Suppose you are given the three ordered pairs , and shown below. Find equations for as many curves as you can that are uniquely defined by these three points.

# How many zeros?

This is our first week back in school during which our students have been learning aspects of their new handheld (TI-Nspire CAS) and online (Wolfram Alpha) CAS in the context of enhancing their problem-solving ideas. While exploring the capabilities of these amazing computational tools, one student entered a number like 300! (That’s factorial) and was pretty impressed to see all of the digits listed. Before going further, I asked

- how they might determine the number of digits in 300!,
- what the final digit was, and
- how many of that final digit were in an uninterrupted sequence at the end of an expanded representation of 300!.

We’ll give a few days for your ideas before posting our students’ thoughts.

# PreCalculus Transformed — Published!

*Pre-Calculus Transformed *highlights the under-explored role of transformations in visualizing, interpreting, and understanding pre-calculus concepts. This text develops function composition to expand transformations far beyond constant translations and dilations. Students discover underlying patterns, bring out connections between otherwise seemingly unrelated ideas, and learn to more easily analyze problems that initially appear complicated. Overall, this text provides an interconnected and dynamic pre-calculus experience with a wide range of problems from basic practice to those requiring creativity, insight and meaningful connections.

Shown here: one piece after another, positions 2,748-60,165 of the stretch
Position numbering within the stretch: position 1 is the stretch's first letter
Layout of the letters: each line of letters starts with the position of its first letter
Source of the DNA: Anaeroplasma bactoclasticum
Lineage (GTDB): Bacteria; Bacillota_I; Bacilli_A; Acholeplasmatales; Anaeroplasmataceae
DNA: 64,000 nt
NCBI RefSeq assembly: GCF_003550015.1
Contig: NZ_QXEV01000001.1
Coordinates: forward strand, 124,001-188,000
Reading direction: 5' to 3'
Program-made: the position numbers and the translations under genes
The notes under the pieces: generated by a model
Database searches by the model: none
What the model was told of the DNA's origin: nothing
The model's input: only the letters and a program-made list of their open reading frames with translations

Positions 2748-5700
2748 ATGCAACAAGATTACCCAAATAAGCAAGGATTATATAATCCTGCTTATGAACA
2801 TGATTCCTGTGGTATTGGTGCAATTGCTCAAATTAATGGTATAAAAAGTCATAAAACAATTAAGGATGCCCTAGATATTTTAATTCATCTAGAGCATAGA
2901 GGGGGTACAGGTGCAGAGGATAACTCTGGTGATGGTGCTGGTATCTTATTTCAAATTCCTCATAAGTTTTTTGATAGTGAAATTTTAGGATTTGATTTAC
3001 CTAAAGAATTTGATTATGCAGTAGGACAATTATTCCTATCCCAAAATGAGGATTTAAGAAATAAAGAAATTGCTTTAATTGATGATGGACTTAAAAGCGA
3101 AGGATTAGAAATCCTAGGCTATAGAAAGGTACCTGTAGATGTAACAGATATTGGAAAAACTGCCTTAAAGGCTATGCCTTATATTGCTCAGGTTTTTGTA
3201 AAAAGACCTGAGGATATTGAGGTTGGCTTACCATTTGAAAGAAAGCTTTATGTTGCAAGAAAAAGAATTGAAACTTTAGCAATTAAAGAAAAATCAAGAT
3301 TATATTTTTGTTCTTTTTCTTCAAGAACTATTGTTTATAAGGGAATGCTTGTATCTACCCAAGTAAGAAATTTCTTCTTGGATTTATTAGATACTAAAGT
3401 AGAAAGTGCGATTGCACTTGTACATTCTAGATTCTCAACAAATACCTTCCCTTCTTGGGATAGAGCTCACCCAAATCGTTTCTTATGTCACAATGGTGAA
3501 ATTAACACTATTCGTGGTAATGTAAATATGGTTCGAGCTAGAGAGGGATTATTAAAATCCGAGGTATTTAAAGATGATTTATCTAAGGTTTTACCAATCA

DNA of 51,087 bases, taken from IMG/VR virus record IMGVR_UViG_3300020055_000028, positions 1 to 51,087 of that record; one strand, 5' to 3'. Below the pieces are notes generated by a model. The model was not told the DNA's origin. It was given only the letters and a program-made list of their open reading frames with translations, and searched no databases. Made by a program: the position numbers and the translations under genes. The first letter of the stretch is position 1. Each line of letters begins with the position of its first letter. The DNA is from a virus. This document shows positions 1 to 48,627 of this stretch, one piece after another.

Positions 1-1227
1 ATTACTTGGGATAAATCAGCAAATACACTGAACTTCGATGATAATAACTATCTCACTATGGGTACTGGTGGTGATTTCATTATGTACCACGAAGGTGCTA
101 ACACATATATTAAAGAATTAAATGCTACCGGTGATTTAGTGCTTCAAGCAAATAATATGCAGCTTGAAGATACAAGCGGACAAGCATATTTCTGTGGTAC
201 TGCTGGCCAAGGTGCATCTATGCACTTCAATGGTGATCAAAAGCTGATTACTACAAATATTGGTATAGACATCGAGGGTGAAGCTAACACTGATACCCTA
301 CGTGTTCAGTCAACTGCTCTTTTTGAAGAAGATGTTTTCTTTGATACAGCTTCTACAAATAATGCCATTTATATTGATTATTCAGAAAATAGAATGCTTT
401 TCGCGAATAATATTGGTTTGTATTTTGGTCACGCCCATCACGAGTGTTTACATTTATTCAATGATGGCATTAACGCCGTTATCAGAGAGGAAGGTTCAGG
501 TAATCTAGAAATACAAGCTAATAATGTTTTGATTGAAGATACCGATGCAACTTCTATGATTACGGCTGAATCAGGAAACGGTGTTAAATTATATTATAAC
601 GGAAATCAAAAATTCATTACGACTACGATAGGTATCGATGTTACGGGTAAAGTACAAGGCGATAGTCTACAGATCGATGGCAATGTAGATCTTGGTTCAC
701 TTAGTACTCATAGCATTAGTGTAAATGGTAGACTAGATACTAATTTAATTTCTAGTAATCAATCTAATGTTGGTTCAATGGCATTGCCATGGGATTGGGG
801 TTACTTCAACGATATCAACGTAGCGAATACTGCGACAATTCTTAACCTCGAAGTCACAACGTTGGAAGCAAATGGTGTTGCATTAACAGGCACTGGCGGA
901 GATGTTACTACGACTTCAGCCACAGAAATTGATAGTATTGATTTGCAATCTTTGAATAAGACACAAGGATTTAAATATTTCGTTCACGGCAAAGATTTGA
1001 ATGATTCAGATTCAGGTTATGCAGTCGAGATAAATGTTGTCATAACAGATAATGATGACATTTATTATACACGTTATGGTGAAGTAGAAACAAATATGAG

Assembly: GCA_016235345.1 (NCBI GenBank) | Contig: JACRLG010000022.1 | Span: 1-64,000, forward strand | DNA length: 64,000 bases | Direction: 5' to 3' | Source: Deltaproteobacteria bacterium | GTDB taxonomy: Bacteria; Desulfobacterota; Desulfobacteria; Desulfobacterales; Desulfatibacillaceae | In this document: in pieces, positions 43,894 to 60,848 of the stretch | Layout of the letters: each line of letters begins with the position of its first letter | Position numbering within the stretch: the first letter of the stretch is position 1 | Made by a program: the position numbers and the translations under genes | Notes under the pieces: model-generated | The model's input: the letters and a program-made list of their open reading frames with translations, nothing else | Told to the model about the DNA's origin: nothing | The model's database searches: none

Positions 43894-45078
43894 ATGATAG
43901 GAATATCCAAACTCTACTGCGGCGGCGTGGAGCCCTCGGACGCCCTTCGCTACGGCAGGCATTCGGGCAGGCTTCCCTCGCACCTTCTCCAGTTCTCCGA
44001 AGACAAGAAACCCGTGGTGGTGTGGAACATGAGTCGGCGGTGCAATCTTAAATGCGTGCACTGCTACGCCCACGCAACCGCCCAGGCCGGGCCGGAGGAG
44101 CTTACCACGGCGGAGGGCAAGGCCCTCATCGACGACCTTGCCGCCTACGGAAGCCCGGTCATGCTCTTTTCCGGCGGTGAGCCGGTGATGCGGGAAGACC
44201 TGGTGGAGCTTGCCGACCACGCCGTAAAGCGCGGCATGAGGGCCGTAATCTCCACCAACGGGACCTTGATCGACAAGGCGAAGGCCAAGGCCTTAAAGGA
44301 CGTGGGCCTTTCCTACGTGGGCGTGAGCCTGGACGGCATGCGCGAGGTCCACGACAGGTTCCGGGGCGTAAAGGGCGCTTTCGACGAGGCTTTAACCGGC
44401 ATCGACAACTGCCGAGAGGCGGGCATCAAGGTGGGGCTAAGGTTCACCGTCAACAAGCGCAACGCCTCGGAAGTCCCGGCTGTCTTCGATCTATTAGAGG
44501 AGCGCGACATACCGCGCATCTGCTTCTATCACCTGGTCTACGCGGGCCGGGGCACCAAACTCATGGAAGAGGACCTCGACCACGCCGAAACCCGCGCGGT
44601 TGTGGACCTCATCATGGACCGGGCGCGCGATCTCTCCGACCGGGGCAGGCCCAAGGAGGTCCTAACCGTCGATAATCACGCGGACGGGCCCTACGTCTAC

While *Pre-Calculus Transformed* integrates computer algebra system (CAS) technology throughout, its concepts can be grasped without a CAS. However, routine CAS use in the text enables students to investigate, recognize patterns, and make broader predictions about function behavior, while appropriately maintaining their focus on critical problem characteristics without losing themselves in algebraic manipulations that are explored independently elsewhere.